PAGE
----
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Dick Prescott's Second Year at West Point / Or, Finding the Glory of the Soldier's Life By H. Irving Hancock Characters: 16926

Updated: 2017-12-01 00:02

"For what reason, sir?" demanded the K.C. sharply.

Prescott opened his mouth, closed it again, without speaking, then at last asked slowly:

"Sir, may I state my reasons in my own way?"

"Proceed, Mr. Prescott."

"My suspicion concerning a certain man, sir, does not cover a really direct suspicion that he had a hand in the affair. His remark led me only to infer that the man was present."

"That does not tell me, Mr. Prescott, why you have refused to answer the question that I put to you," insisted Colonel Strong.

"My reason, sir, for respectfully declining to answer is twofold: First, I do not know whether I am legally required to state a suspicion only. My second reason, sir, is that to state the name of the man I suspect would make me, in my own eyes, and in the eyes of my comrades, a tale-bearer."

Since the K.C. had started this line of questioning, Captain Bates remained silent. So, too, did the K.C. for some moments after Dick had finished.

It was the first problem that faced the tactical officers--much harder one than it would considered in civilian life.

In the first place, it is one of the highest West Point ideals never to treat a cadet with even a trace of injustice. The young man who is being trained to be an officer, and who will, in time, be placed over other men, above all must be just. In no other way can the cadet learn as much about justice as by being treated with it.

As is the case with an accused man in the civil courts, no cadet may be forced to testify in way that would incriminate himself. When it comes to testifying against another the question has two aspects.

The tale-bearer, the informer, is not appreciated in the military world. He is loathed there, as in civil life. Yet the refusal of one cadet to testify against another might be carried, insolently, to the point of insubordination. So, when a cadet, under questioning, refuses to give evidence incriminating another cadet, his reason may be accepted; or, if it appear best to the military authorities, he may be warned that his reason is not sufficient, and then, if he still refuses to answer, he may be proceeded against as for disobedience of orders.

It is a fine point. The K.C. found it so at this moment. Dick Prescott stood rigidly at attention, a fine, soldierly looking young fellow. His face, his eyes, had all the stamp of truth and manliness. Yet the suspicion had arisen with these two tacs. that Mr. Prescott was a young man who was extremely clever in giving truthful answers that shielded offending cadets.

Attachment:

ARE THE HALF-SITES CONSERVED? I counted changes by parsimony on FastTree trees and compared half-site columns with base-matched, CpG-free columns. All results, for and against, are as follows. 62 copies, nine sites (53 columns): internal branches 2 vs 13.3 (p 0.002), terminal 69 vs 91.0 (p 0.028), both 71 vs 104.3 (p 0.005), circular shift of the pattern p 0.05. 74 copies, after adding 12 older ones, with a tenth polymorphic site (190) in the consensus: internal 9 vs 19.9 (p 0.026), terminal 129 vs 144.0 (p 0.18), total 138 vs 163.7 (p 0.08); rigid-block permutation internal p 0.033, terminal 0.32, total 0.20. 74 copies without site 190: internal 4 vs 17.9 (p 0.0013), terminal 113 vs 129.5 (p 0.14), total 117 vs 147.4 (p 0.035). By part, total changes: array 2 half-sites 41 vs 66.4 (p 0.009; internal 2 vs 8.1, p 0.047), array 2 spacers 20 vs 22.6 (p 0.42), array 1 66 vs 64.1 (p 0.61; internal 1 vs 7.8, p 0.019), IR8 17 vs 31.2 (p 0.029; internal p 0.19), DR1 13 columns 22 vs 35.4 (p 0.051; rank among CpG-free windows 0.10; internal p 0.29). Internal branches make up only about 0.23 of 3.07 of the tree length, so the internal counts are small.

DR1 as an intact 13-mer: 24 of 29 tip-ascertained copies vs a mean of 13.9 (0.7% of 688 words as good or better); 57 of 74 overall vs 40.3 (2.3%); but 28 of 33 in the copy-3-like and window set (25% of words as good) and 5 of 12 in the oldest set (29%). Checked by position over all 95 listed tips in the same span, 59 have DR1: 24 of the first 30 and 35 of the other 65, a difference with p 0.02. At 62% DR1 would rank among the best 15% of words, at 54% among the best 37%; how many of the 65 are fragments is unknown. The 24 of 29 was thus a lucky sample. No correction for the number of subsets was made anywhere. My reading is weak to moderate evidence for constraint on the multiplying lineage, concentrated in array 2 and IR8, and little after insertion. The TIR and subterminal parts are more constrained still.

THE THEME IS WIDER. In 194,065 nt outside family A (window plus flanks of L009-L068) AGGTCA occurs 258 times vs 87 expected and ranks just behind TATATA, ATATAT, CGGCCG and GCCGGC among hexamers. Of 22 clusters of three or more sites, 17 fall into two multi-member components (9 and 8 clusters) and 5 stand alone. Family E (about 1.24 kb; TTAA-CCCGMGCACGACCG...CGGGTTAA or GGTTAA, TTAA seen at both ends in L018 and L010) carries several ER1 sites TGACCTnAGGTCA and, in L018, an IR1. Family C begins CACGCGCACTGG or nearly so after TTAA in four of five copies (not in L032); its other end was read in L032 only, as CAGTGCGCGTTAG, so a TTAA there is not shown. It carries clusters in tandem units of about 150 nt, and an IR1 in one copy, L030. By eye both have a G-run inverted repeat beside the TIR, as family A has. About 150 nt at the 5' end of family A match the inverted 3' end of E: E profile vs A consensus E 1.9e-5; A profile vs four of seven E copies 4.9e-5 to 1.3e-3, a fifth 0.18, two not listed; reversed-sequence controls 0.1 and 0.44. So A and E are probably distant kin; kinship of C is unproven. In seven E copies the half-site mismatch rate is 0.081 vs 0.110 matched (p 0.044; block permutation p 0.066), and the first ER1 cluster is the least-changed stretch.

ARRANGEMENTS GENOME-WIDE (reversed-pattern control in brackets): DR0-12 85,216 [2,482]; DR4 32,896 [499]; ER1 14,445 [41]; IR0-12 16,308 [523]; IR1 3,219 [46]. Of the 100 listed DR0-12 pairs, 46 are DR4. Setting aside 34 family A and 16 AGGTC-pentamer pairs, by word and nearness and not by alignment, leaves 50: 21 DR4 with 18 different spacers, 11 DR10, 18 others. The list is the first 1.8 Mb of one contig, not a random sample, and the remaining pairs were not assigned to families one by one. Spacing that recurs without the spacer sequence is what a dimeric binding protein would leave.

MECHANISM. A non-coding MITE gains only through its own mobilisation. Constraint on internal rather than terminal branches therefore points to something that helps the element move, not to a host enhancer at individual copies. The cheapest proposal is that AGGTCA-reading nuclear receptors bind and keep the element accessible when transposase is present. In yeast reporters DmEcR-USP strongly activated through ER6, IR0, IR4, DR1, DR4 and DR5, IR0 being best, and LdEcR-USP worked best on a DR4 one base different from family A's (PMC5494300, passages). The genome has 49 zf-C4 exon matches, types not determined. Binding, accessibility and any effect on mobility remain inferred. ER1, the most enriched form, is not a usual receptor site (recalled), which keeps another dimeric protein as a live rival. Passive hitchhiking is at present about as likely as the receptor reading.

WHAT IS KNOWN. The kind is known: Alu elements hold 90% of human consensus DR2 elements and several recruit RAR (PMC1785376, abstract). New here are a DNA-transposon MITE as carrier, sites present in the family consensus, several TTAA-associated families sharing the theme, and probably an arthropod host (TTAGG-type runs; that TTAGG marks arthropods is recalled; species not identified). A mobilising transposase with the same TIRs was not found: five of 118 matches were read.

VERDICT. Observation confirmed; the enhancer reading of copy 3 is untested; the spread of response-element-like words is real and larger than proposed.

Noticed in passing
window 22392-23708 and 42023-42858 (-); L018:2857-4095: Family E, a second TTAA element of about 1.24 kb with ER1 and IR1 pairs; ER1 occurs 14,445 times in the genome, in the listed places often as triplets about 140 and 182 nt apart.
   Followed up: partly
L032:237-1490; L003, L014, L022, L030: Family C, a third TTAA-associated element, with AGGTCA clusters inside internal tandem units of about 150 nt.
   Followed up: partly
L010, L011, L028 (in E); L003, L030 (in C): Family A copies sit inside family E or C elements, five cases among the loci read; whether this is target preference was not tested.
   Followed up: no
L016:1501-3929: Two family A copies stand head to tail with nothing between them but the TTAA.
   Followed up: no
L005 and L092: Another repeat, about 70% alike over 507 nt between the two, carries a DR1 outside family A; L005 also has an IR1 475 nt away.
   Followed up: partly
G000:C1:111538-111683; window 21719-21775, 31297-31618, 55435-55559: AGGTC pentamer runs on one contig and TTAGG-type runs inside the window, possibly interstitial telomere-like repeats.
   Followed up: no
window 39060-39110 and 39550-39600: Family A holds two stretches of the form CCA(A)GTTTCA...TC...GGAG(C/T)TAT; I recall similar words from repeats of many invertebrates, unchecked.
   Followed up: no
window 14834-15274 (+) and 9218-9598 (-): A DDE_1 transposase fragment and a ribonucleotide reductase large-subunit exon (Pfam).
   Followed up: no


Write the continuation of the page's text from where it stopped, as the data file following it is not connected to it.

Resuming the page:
"You have stated your position unreservedly and exactly, Mr.

Prescott?" inquired Colonel Strong at last.

"Yes, sir."

"You are certain that you have not more than the merest suspicion of the cadet off whom you have been speaking?

"I am absolutely certain, sir."

"How does it happen, Mr. Prescott, that you have this suspicion, and absolutely nothing more?"

A cadet is not permitted to hesitate. He must answer not only truthfully, but instantly. So Dick looked the K.C. full in the eyes as answered:

"A cadet, sir, started to say something, and I shut him up."

"Because you did not wish to know more?"

"Yes, sir," Prescott admitted honestly.

Captain Bates fidgeted almost imperceptibly; in other words, as much as a military man may. There were a few questions that he wanted to ask this cadet. But it was Bates's superior officer who was now doing the questioning.

The K.C. remained silent for perhaps half a minute. Then he said:

"That is all, at present, Mr. Prescott."

Saluting the K.C., Dick next made a slight turn which brought him facing Captain Bates, whom he also saluted. Both officers returned his salute. Dick wheeled and marched from the tent.

As he passed through the camp the cadet face had in it a soldierly inexpressiveness. Even Bert Dodge, who covertly scanned Prescott from a distance, could not guess the outcome of the "grilling."

"May I ask, Colonel, weather you agree with my opinion of Mr.

Prescott?" inquired Captain Bates.

"Your idea that he is an artful dodger?"

"Yes, sir."

"If he is," replied Lieutenant Colonel Strong, "then the young man is so very straightforwardly artful that he is likely to give us a mountain of mischief to handle before he is brought to book."

"If I can catch him at anything by fair means," ventured Captain

Bates, "then I am going to do it."

"You are suspicious of Mr. Prescott?"

"Why, I like the young man thoroughly, sir; but I believe that, if we do not find a means of curbing him, this summer's encampment will be a season of unusual mischief and sly insubordination."

Perhaps there was something of a twinkle in Colonel Strong's eye as he rose to leave the tent.

"If you do catch Mr. Prescott, Bates, I shall be interested in knowing the particulars promptly."

Dick returned to his tent to find his bunkies gone to drills. The summons before the O.C. had relieved Prescott from the first period of drill.

On Dick's wardrobe box lay two letters that the mail orderly had left for him.

Both bore the Gridley postmark. The home-hungry cadet pounced upon both of them, seating himself and examining the handwriting of the addresses.

One letter was from his mother. Cadet Prescott opened that first. It was a lengthy letter. The young man ran through the pages hurriedly, to make sure that all was well with his parents.